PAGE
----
The flavor on this tea is decent, maybe a slight nuttiness but not much. Decent astringency but almost no bitterness
This tea surprised me as I am not normally a fan of floral tasting teas. It reminded me of a pleasent spring walk through a forest. It had no roast notes, instead replaced with almost a fresh moss. Slightly astringent towards the end, slight bitterness as well.
I’m currently on my fourth brewing (Forgot to count this time!) Not exactly sure how much leaves I used and my timings were all over the place as I opted to not use a timer. I’d recommend this tea to anyone who likes the flavor, but I don’t think I would buy this tea beyond drinking this sample thereof
I had the 2020 version of this tea and did not care for it. The leaves are of decent quality and the aroma is pleasing, but the taste is overwhelmingly an almost acrid, fake coconut flavor- the closest thing I can compare it to is suntan lotion. I have encountered this sporadically in other oolongs, but never a dong ding. Disappointing.
A great oriental beauty that stands out is not easy to come by. This one has a relatively complex and mineral profile that distinguishes it. The smooth, velvety and a little heavy mouthfeel adds a nice softness to the permeating bitterness and drying sensation. The cha qi is warming throughout. I like the tea a lot, although it is not one I’d reach for too often.
As one would expect, the aroma has a string nectar vibe. Other than the sweet florals of fruit tree flowers, I also detect a woodsy eucalyptus, curry leaves, prunes, tulips, and savory.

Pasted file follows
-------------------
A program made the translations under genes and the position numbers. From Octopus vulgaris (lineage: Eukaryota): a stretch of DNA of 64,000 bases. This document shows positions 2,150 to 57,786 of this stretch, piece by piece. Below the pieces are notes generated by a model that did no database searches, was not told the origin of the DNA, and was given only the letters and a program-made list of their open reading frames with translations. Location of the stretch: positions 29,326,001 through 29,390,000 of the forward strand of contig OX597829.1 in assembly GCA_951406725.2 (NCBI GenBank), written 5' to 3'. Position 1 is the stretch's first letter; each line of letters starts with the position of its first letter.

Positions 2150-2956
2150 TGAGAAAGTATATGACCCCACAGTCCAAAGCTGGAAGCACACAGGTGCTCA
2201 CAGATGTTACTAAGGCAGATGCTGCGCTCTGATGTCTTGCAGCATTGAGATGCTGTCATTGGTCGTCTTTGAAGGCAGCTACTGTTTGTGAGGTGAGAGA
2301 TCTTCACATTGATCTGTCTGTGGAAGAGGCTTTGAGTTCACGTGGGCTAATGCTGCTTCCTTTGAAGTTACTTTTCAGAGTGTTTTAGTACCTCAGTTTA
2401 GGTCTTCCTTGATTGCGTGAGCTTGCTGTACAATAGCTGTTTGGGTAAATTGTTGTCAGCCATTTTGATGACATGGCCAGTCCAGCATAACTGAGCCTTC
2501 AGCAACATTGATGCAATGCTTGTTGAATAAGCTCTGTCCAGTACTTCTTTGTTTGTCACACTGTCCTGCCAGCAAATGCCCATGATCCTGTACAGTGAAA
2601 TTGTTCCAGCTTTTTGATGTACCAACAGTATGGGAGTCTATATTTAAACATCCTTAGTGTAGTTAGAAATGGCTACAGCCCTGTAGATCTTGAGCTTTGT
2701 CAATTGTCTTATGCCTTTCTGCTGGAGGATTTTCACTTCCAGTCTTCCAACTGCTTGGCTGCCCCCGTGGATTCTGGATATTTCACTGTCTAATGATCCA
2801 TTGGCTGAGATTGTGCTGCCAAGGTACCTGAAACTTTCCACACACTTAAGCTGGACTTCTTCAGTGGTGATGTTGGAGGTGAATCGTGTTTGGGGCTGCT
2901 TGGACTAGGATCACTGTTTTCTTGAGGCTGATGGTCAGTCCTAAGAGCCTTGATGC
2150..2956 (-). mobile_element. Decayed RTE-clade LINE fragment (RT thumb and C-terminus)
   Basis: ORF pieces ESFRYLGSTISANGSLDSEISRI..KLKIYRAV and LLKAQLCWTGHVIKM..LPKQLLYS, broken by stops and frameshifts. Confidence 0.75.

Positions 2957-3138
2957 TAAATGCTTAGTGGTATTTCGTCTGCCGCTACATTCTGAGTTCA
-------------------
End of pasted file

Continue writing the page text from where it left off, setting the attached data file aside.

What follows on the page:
The very first steep is very mineral and mildly sweet and bitter. It has notes of stonefruit and nut shells, somewhat like an apricot pit with a hint of pale ale. Subsequent infusions bring about flavours of wood, burnt food, eucalyptus and later on also various fruits and nuts. Aftertaste is long-lasting and numbing. It offers a strong tension between cooling and warming sensations, which is not quite resolved. The dominant flavours are sweet and woody.
Flavors: Alcohol, Apricot, Bitter, Burnt Food, Drying, Eucalyptus, Floral, Flowers, Fruit Tree Flowers, Fruity, Herbs, Mineral, Nectar, Nuts, Nutty, Perfume, Smooth, Stonefruit, Sweet, Wood
This is a somewhat simple tea in a sense. It is perfumy, has a syrupy texture and lasts for quite a while.
Dry leaves smell of a mix of wood and baked apple, while wet ones are more like eucalyptus and caramel. The taste is sweet and woody with a blue grapes flavour and a sugary aftertaste.
Flavors: Candied Apple, Caramel, Eucalyptus, Grapes, Perfume, Sugar, Sweet, Wood
At one and a half years of age, this green baozhong is definitely starting to loose its fresh notes. The aroma is warming and perfumy with notes of peach, rose and caramel. Honestly, during the session it mostly smells like a stale green tea.
The taste is a bit muffled and predominately sweet and vegetal. There is a juicy bite to it which reminds me of dandelions, but otherwise I can’t remember much about the tea :D
Flavors: Caramel, Dandelion, Peach, Perfume, Rose, Sweet, Vegetal
Warm Elephant is a fascinatingly aromatic black tea with very good longevity. The range of aromas is quite impressive with notes of black cherry, chocolate, wood, winter honey, tamarind, and caramelized onion in dry leaves. When wet, the associations are those of banana, cedar wood, medium roast coffee, vanilla, rice, and cranberries.
First infusion has some coffee sourness and mineral sweetness with a biting finish to it. It has full body with a sort of slimy mouthfeel and once again a very aromatic aftertaste with hints of hazelnuts and fenugreek seeds. Subsequent steeps show some woody (cedar) and fruity (peach) notes with even more sweetness and a lightly numbing and astringent mouthfeel.